Russian scientists have demonstrated that nanosensors can be created which are sensitive enough to detect environmental pollutants and, potentially, to identify terrorist threats in the form of gaseous compounds.
In a new study published in the journal Sensors and Actuators B: Chemical, a team of researchers from the Semenov Institute of Chemical Physics of the Russian Academy of Sciences and the Moscow Institute of Physics and Technology have concluded that sensors based on binary metal oxide nanocomposites can be altered to detect a specified range of chemical compounds in the air.
“It is demonstrated that by changing the nature of the components and their relative locations in such nanofibers, the sensitivity and selectivity of the sensor system can be tailored to various chemical compounds,” say the study’s authors.
Nanosensors -materials that can detect the presence of compounds at a molecular level- are currently in wide development across many technology sectors, with their potential applications seemingly limitless. From biosensors that can detect the presence of tumors to iron oxide sensors capable of detecting E. coli bacteria in food to military applications in the detection of explosives and the monitoring of soldiers in the field, it’s all part of the trend towards an Internet of Nano Things (IoNT), which industry experts predict will deploy up to 30 billion nanosensors worldwide by the year 2020.
The new study focuses on binary metal oxide nanofiber sensors which involve one component that works as a catalyst and the other an electron donor with a high density of conductive electrons. The detection of environmental pollutants and the presence of toxic gases is made possible due to the ability of the binary sensors to absorb gas molecules.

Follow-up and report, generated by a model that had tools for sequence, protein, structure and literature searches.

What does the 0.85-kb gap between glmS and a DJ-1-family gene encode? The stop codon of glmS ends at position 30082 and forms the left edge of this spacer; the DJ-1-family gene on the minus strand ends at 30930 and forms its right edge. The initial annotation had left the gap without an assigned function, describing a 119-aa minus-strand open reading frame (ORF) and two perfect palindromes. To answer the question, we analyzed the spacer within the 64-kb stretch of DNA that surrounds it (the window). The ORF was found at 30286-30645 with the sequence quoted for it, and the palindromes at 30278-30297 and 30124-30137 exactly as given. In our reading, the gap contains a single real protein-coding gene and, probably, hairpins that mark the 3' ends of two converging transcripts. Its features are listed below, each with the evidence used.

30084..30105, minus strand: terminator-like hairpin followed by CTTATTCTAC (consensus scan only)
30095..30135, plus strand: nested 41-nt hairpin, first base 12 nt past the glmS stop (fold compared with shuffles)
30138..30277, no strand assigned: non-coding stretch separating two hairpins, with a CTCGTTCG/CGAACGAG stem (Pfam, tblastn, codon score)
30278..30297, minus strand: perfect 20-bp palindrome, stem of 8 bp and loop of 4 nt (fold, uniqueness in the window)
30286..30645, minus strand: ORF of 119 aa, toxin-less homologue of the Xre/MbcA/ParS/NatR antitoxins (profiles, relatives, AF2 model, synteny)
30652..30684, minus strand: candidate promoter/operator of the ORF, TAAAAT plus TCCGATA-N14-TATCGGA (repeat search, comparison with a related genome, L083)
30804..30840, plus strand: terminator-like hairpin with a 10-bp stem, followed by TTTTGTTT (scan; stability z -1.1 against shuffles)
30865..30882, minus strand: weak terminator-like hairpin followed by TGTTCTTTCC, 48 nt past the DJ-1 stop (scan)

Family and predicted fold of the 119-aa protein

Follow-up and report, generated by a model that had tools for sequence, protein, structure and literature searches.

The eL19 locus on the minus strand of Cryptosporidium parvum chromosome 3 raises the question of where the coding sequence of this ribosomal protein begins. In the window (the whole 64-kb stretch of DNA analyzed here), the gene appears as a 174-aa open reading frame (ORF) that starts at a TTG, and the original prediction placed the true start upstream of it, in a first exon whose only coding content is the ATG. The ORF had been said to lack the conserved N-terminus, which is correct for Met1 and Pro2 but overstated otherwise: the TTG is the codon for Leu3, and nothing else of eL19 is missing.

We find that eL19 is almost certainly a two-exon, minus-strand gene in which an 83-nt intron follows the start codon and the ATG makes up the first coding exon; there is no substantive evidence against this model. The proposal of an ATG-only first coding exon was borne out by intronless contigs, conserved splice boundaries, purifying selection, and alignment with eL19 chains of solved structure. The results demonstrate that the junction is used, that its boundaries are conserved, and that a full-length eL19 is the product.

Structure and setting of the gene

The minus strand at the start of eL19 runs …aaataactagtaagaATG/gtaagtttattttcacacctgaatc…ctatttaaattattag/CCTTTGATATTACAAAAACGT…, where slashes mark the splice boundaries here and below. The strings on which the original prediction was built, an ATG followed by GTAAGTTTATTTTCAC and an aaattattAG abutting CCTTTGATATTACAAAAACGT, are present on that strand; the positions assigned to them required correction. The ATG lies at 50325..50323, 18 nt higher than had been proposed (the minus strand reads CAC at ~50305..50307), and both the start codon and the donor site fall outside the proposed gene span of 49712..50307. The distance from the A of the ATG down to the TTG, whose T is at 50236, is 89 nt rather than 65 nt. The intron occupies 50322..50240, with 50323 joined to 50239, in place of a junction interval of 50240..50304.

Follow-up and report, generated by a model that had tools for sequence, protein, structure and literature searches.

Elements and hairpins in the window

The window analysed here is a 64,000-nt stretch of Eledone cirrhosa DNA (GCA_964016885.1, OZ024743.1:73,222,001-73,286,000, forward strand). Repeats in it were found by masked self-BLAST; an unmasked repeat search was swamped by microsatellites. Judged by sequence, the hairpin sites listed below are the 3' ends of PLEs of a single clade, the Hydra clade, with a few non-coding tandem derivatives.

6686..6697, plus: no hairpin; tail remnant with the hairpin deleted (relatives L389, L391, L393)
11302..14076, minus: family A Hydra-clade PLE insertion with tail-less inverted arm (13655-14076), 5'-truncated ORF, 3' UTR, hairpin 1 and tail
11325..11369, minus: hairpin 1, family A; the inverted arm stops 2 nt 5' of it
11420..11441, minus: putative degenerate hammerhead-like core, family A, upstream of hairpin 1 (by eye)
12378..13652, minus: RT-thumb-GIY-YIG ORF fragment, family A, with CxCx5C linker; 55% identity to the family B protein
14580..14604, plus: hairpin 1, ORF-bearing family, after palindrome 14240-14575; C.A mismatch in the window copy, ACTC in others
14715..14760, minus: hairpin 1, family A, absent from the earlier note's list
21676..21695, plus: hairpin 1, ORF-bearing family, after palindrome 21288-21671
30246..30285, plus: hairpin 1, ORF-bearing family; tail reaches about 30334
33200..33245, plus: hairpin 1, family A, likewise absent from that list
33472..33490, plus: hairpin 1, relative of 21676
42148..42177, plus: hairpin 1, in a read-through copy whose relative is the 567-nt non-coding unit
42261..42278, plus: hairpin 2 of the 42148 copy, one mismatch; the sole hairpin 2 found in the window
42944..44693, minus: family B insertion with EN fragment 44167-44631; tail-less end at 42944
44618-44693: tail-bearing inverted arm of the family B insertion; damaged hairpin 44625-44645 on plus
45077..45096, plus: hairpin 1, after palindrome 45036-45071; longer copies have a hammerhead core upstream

“The use of composite metal oxide systems can lead to improved efficiency and selectivity of conductometric sensors, and enable the development of sensor systems with the desired operating properties,” say the study’s authors.
“Choosing the right sensor composition can make a device at least ten times more effective and enable an exceptionally fast response, which is crucial for preventing terrorist attacks,” says Prof. Leonid Trakhtenberg of the Department of Molecular and Chemical Physics at the Moscow Institute of Physics and Technology.
At the University of Alberta in Edmonton, research is continuing on nanosensor technology which can be used in the oilsands industry to detect trace amounts of chemicals. Dr. Thomas Thundat, Canada Excellence Research Chair in Oil Sands Molecular Engineering, and his team have pioneered a wireless method of powering nanosensors, one which could have far-reaching applications beyond the oil and gas sector.
Charles van Neste works on Dr. Thundat’s team and spoke to the Globe and Mail about the potential uses of the new “quasi-wireless capacitive power transfer.” “It started out being on a single wire, but we very quickly found out that you could do it over surfaces,” says Charles van Neste. “Once you can do things over surfaces, then the capabilities just go through the roof because surfaces are everywhere.”
Dr. Thundat’s team sees their nanosensor powering technology to have applications in precision agriculture, where sensors no longer requiring batteries or wires could enable pinpoint crop dusting at the precise locations of outbreaks.
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